Boots On The Ground Conservation


  • The Echinacea Project

    The tallgrass prairie used to be a vast continuous expanse of habitat harboring diverse populations of plants and animals. Now prairie habitat exists in small and isolated patches. How long will small remnant populations persist and what can we do to conserve them? To answer this central question in conservation biology requires better understanding of some basic biological processes and how they interact. And that's the job of the Echinacea Project.


  • Prairie Ecology and Ants


    There are 129 different ant species that call Illinois home, about 1/3 of which live in the prairie.  Today they are continuing their work as being one of the main bioturbators (animals that move soil) in the  prairie, a job that was partially outsourced recently to an exotic invader: the earthworm. 

    Ants are still transporting and burying native seeds, allowing plants to move around a preserve.  They are concentrating soil nutrients in and around their nests, which other animals and plants take advantage of.  The ants are also taking care of some native plants and other insects, much like they are tending to a garden. 

    These are just a few of the tasks that ants take on that allows a prairie to function normally.  Read more here, here and here.

  • Top ten new species for 2015

    Phryganistria	tamdaoensis

    From a cartwheeling spider and a bird-like dinosaur to a fish that makes beautiful circles on the seafloor, these curious creatures made the annual list created by an international committee of taxonomists. Read more...

  • Plants have cuticles - who knew?

    The surface of plants (with a few exceptions, such as those that live submerged under water) is covered with a tough, transparent, waxy layer called the cuticle, composed of cutin secreted by the layer of epidermal cells that it covers. The best way to see the cuticle is to snap the leaf of a drought-adapted succulent plant and pull one part of the leaf against the other, peeling away the cuticle, which covers the above ground parts like a wrapping of cling-film. Read more...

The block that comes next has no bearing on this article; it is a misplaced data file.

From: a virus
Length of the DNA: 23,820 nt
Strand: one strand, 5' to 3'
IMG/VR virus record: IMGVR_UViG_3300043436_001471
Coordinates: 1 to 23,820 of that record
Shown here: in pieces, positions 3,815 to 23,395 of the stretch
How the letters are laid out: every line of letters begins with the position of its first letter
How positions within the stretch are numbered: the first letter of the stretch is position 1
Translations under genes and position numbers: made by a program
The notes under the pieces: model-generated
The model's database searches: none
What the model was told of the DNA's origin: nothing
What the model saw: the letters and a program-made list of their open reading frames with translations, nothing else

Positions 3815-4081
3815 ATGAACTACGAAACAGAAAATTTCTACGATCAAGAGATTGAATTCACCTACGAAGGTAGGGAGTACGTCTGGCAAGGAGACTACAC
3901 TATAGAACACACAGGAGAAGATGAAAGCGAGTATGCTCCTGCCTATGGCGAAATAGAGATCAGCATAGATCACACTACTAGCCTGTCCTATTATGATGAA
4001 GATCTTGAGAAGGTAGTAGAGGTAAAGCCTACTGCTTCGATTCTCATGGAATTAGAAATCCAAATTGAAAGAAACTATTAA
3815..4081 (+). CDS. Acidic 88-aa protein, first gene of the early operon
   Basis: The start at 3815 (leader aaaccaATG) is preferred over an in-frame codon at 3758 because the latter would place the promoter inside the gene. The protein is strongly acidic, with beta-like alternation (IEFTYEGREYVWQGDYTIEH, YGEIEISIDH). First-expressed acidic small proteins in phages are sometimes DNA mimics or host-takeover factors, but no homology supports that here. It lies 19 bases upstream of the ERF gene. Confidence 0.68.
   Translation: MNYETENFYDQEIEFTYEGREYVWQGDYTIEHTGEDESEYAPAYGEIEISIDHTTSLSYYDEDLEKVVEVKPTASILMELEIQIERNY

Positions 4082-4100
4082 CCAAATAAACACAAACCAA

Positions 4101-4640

• 2015 Seed Picking Schedule

    Date        Place                   Activity            Start

    7-8 (W)    Hanley Savanna    Pick Seed         9 am
    7-29 (W)   Hanley Savanna    Pick Seed        9 am

    8-4 (Tu)    Casper Bluff          Pick Seed         9 am
    8-6 (Th)    Hanley Savanna     Pick Seed        9 am
    8-10 (M)   Wapello Reserve    Pick Seed        9 am
    8-13 (Th)   Gateway Park       Pick Seed        9 am
    8-14 (F)    Lonetree Farm       Pick Seed        9 am
    8-17 (M)   Hanley Savanna     Pick Seed        9 am
    8-18 (Tu)   Casper Bluff          Pick Seed        9 am
    8-20 (Th)   Hanley Savanna    Pick Seed        9 am
    8-22 (Sat)  Lonetree Farm      Pick Seed        9 am
    8-24 (M)    Wapello Reserve   Pick Seed        9 am
    8-25 (Tu)    Casper Bluff         Pick Seed        9 am
    8-27 (Th)    Hanley Savanna    Pick Seed       9 am

    9-1 (Tu)    Casper Bluff           Pick Seed        9 am
    9-3 (Th)    Hanley Savanna     Pick Seed        9 am
    9-4 (F)      Lonetree Farm       Pick Seed        9 am
    9-8 (Tu)    Casper Bluff           Pick Seed        9 am
    9-10 (Th)   Gateway Park       Pick Seed        9 am
    9-12 (Sa)   Hanley Savanna    Pick Seed        9 am
    9-14 (M)    LT/Twin Ponds       Pick Seed        9 am
    9-15 (Tu)   Casper Bluff          Pick Seed        9 am
    9-18 (F)    Wapello Reserve    Pick Seed        9 am
    9-21 (M)    Hanley Savanna    Pick Seed        9 am
    9-22 (Tu)    Casper Bluff         Pick Seed        9 am
    9-23 (W)    Lonetree Farm      Pick Seed        9 am
    9-24 (Th)    Gateway Park      Pick Seed        9 am
    9-26 (Sa)    Lonetree Farm     Pick Seed        9 am
    9-28 (M)     Hanley Savanna   Pick Seed        9 am
    9-30 (W)    Wapello Reserve   Pick Seed        9 am